FATCA: Overview, Challenges and Implications for Banks

How Banks Utilize Big Data Technology
Blockchain ’s Disruptive Technology


On the outset, let’s first understand what exactly FATCA (Foreign Account Tax Compliance Act) is in its simplest sense.

The Foreign Account Tax Compliance Act (FATCA) is a United States federal law whose intent is to enforce the requirement for United States persons (including those living outside the U.S.) to file yearly reports on their non-U.S. financial accounts to the Financial Crimes Enforcement Network (FinCEN).

Under this law, all non-U.S. Foreign Financial Institutions (FFI’s) are required to search their records for U.S. persons and to report the assets and identities of such persons to the U.S. Department of the Treasury.

patriotismBasically, FATCA was enacted for the purpose of detecting non-U.S. financial accounts of U.S. domestic taxpayers rather than to enforce collections on non-resident U.S. citizens. It was brought into being to recognize approximately 8.7 million U.S. citizens staying outside the mainland and believed to be U.S. persons for tax purposes. This, in turn, would help in identifying the signatories of accounts of U.S.-persons and their other assets like non-U.S. corporations, volunteer organizations and any other non-U.S. entity. It is also used to locate U.S. citizens and to collect and store information including total asset value and social security number. FATCA is also used by government personnel to detect U.S. persons and their assets and to enable cross-checking where assets have been self-reported by individuals. FATCA data is used to crosscheck a U.S. person’s self-reported data at the Financial Crimes Enforcement Network (FINCEN). U.S. persons, regardless of residence location and regardless of dual citizenships, are required to have self-reported their non-U.S. assets to FINCEN on an annual basis. Based on a specific qualification criteria, individuals have to report this information on form 8938 which is an information reporting form provided by the Internal Revenue Service (IRS).

The legislative history[1] of FATCA can be traced as follows:

  1. Introduced in the House and Senate as Foreign Account Tax Compliance Act of 2009 in October 2009.
  1. Committee consideration by Senate Finance, House Ways and Means.
  1. Passed the Senate on February 24, 2010.
  1. Passed the House as the Hiring Incentives to Restore Employment Act, Title V, and Subtitle ‘A’ in March 2010 with amendment.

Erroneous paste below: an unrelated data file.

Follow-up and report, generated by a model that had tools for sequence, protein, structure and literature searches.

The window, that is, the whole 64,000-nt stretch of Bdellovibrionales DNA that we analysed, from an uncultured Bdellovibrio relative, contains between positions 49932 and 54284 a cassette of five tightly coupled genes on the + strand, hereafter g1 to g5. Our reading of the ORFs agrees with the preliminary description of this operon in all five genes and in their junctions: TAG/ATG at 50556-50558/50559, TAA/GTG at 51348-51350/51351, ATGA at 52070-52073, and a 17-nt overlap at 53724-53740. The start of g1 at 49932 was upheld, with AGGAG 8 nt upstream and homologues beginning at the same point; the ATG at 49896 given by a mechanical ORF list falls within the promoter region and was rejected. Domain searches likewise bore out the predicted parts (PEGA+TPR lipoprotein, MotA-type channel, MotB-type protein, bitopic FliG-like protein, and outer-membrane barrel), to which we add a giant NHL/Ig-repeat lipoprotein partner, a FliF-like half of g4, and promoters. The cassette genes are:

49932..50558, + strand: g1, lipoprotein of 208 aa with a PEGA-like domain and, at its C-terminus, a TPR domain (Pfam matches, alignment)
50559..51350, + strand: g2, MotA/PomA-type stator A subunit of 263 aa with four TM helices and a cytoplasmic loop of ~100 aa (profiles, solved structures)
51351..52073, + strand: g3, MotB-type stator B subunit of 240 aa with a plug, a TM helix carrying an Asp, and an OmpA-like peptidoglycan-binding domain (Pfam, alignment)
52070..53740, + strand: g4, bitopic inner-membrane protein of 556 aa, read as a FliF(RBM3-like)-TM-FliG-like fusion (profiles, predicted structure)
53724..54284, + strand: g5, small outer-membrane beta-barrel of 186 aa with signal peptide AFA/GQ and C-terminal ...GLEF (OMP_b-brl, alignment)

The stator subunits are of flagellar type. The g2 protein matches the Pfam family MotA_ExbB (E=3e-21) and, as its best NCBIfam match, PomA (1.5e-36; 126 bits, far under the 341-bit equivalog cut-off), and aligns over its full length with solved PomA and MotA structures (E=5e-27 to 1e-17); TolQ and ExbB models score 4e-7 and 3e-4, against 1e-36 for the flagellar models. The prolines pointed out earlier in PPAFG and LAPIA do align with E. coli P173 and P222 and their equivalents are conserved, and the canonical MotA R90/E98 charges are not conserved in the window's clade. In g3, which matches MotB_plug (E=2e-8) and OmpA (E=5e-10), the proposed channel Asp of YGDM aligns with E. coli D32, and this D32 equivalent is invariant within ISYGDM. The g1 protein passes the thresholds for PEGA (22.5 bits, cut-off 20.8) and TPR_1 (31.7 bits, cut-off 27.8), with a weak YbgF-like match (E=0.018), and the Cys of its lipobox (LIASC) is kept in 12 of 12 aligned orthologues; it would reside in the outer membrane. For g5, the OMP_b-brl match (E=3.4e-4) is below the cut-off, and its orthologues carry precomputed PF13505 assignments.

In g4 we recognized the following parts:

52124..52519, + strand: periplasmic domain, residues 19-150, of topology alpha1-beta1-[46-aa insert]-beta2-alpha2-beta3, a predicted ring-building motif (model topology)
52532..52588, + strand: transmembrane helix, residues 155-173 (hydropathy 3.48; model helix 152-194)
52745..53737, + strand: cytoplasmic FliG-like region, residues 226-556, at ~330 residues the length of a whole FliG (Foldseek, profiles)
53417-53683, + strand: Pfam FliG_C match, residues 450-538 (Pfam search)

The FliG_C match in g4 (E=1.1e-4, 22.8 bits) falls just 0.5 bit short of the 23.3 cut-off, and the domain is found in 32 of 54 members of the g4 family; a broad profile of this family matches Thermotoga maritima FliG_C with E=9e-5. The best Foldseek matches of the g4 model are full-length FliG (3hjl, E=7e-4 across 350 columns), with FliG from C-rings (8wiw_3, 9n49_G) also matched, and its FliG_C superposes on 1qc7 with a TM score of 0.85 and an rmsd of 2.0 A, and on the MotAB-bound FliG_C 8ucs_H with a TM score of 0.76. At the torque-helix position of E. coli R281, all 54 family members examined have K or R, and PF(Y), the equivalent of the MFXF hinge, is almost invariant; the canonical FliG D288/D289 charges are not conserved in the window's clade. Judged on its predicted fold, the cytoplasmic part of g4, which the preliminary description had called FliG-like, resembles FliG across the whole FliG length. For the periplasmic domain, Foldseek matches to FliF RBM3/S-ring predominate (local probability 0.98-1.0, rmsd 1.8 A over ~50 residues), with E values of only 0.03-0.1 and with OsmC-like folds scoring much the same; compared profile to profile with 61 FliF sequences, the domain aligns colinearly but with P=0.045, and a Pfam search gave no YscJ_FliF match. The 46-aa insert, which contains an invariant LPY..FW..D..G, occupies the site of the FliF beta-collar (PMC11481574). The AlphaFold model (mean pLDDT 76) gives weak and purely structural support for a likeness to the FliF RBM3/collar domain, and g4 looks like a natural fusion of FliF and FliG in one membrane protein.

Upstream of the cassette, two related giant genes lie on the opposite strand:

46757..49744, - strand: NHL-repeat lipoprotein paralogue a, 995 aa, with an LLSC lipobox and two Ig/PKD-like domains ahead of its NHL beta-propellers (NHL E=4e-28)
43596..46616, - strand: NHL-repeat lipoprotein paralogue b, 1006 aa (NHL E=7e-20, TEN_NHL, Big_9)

1. Senate agreed to the House amendment.
  1. Signed into law by President Barack Obama.

It is intended to increase transparency for the Internal Revenue Service (IRS) with respect to U.S. nationals that may be investing and earning income through non-U.S. institutions.



Figure 1: Schematic explaining basic entities of FATCA[2].


In the years leading up to the passing of the Law, implementation of FATCA has had its fair share of challenges. Let’s look at some of the challenges[3] posed to banking and financial services industry by FATCA legislation:

  1. Enhancing operational procedures: Impacted institutions will have to re-consider their procedures specifically around client onboarding since all checks and balances have to be put in place in order to identify a US resident at the time of onboarding.
  1. Insufficient account information: The way in which institutions are recording and storing client and account data may not be adequate enough to identify the data that needs to be reported to the regulators. In order to remedy this situation, an extensive data cleansing exercise may have to be performed.
  1. Lack of central customer data: Very few institutions have all client information readily available at a single place. Usually data is scattered across multiple product and region-specific data stores. Synergizing the data together to make the required determinations with respect to account holders will be a significant task.
  1. Lack of knowledgeable staff: FATCA being an exhaustive regulation, the impacted institution’s staff may not have thorough knowledge about the nuances of the regulation. In most cases, such firms will have to look for external help to decipher the regulation and identify its impact on their business procedures.
  1. Short time-frame: Implementation requires immediate focus in critical tasks to be completed within a stringent deadline.
  1. Integrating integral systems: Multiple systems within the institution’s IT landscape will have to be linked efficiently to enable data collation and aggregation to generate the required reports. This may be a challenging task, depending on the scalability of the institution’s IT architecture.
  1. Enhancing existing systems: Impacted institutions will have to enhance their existing applications, or in some cases build new ones, to bring in a robust rules management engine that can identify entities to be reported. They will also have to bring in business intelligence to create regulatory reports and enable senior executives to monitor compliance.

Further, to successfully navigate FATCA, financial leaders would need to address the following eleven key challenges[4]:

  1. Program governance/ownership:The enterprise-level effort required allocation of people, budget and project ownership across the businesses, operations, compliance and tax.
  2. Legal entity analysis:Determining the status of entity for FATCA purposes may be challenging.
  3. Existing account information:Despite Know Your Client (KYC) information being readily available and/or could be leveraged, at various instances, the customer data is hard to locate.